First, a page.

dominance as a film culture with its own codes and conventions that continue
    to govern how stories of Lagos are told.
    By contrast, Marie Ka’s The Other Woman, set in Dakar, could be understood
    as a rewriting of received stories about gender, sexuality, and the
    forms of women’s freedom. The story details the secret attraction between
    Madeleine (Awa Sene Sarr of Faat Kiné [2001]) and her husband’s younger
    second wife, Amayelle. The director’s notes describe this as a story about
    Madeleine’s self-discovery through an intimacy beyond conventional norms.
    Colorful, subtle, and tender in bringing its characters to life, the film breaks
    with the way sex and intimacy in Africa are typically represented. It functions
    as an updated version of previous stories of women’s self-discovery and
    women’s roles within multi-spouse households.
    The last two films in this collection revisit the past. Philippe Lacote’s To
    Repel Ghosts pays homage to the memory of the painter Jean-Michel Basquiat
    and his 1986 visit to Abidjan. The film portrays Basquiat’s visit as a journey
    of artistic, cultural, and spiritual return to Africa, with the narrative turning
    on the artist’s struggle with self-doubt, addiction, and longing for connection
    with the people of Abidjan. The film does not promise an accurate
    accounting of history, but rather provides an endearing exercise of imagination
    that claims an iconic American artist of Puerto Rican and Haitian
    descent as one of Abidjan’s own. In this regard, the short is the only one of
    the collection to address the historical connections between African cities
    and the African diaspora.
    Finally, Vincent Moloi’s Berea offers the unexpected story of Aaron
    Zukerman, an aging Jewish pensioner who lives on in the Johannesburg
    neighborhood of Berea even after his friends, family, and acquaintances
    324 African Studies Review
    DOCUMENTARIES
    Sérgio Graciano, director. Njinga: Rainha de Angola (Njinga: Queen of Angola).
    2013. 109 minutes. Portuguese and Kimbundu. Semba Comunicação. No price reported.
    The Angolan historical epic film Njinga: Queen of Angola is the country’s most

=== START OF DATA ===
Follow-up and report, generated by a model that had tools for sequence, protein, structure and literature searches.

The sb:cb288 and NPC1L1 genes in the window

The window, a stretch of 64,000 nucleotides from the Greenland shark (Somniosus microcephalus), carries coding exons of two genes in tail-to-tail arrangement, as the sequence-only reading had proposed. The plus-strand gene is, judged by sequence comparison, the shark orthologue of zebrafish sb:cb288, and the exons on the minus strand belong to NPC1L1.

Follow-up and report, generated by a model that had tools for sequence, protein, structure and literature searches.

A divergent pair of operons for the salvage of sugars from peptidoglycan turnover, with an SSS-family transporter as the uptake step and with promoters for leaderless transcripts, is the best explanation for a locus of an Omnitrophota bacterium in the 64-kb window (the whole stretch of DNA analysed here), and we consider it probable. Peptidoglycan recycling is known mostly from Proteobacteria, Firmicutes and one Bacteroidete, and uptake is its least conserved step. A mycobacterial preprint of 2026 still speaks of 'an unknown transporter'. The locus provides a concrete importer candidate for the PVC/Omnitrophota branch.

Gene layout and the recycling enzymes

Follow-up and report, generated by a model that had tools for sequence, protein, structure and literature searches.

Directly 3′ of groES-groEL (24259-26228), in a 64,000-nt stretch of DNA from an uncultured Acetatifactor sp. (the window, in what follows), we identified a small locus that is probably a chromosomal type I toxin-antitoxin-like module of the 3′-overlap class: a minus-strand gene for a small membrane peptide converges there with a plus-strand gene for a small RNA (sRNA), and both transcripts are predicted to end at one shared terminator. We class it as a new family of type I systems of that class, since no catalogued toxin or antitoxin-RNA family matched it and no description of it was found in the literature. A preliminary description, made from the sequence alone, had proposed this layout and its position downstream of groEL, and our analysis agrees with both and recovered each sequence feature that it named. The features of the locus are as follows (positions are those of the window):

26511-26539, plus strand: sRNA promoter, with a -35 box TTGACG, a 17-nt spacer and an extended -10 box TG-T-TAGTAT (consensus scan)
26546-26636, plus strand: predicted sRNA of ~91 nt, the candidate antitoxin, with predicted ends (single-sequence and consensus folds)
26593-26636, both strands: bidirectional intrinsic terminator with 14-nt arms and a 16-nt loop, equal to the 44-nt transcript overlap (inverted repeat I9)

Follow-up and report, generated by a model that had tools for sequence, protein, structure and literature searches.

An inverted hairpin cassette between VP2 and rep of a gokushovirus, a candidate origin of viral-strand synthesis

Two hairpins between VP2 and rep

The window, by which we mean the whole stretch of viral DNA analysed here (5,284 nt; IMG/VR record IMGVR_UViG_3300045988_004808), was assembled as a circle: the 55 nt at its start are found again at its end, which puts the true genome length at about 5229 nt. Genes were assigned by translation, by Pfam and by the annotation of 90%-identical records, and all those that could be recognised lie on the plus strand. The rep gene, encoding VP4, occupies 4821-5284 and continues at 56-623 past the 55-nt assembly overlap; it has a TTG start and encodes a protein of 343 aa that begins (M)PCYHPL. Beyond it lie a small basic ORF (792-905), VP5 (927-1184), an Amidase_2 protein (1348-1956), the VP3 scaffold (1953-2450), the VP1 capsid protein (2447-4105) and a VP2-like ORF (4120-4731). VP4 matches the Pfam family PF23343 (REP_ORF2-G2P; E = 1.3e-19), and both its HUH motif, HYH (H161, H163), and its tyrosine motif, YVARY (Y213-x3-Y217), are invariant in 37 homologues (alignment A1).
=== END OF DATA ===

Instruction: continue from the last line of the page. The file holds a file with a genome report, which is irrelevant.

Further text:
expensive production, as reported by the Portuguese daily Diário de Notícias.
    It memorializes one of Africa’s greatest women and the nation’s most
    important hero, who is also championed by the global African diaspora.
    Njinga emerges at a time of renewed interest in the seventeenthcentury
    historical figure and her symbolic meaning today as reflected by
    academic conferences and publications, including the critically acclaimed
    novel A rainha Ginga (2014) by José Eduardo Agualusa and the volume of
    essays, A rainha Nzinga Mbandi: história, memória e mito (2012). While a statue
    of Njinga has figured prominently since 2002 on one of Luanda’s main
    have left. Zukerman, the only white character in the film, barricades himself
    away from interaction with the outside world, save a weekly visit from a
    prostitute named Ilse. The narrative takes off when, one week, Ilse does
    not arrive but sends in her place a young black woman who, we soon
    discover, faces her own dilemma involving her child. The camera follows
    Zukerman into the streets of Berea—offering notable shots of the spaces
    of Johannesburg—as he seeks to help the young woman, a quest that
    ends with an unexpected result. Written by Makgano Mamabolo and Lodi
    Matsetela, the story captures the complex entanglement of the city’s racial
    communities. The protagonist, who lives in a Berea that is already long
    gone, must discover a link to the here and now, which entails taking the risk
    of forging connections with strangers unlike himself.
    The production of African Metropolis was supported by the Goethe Institute
    South with financial backing from Guaranteed Trust Bank and the Hubert
    Bals Fund, with the expressed intention of providing opportunities and recognition
    to emerging African filmmakers. These institutions, therefore, are
    themselves encouraging the turn in African cinema toward urban stories.
    Two of the filmmakers promoted in this collection have gone on to produce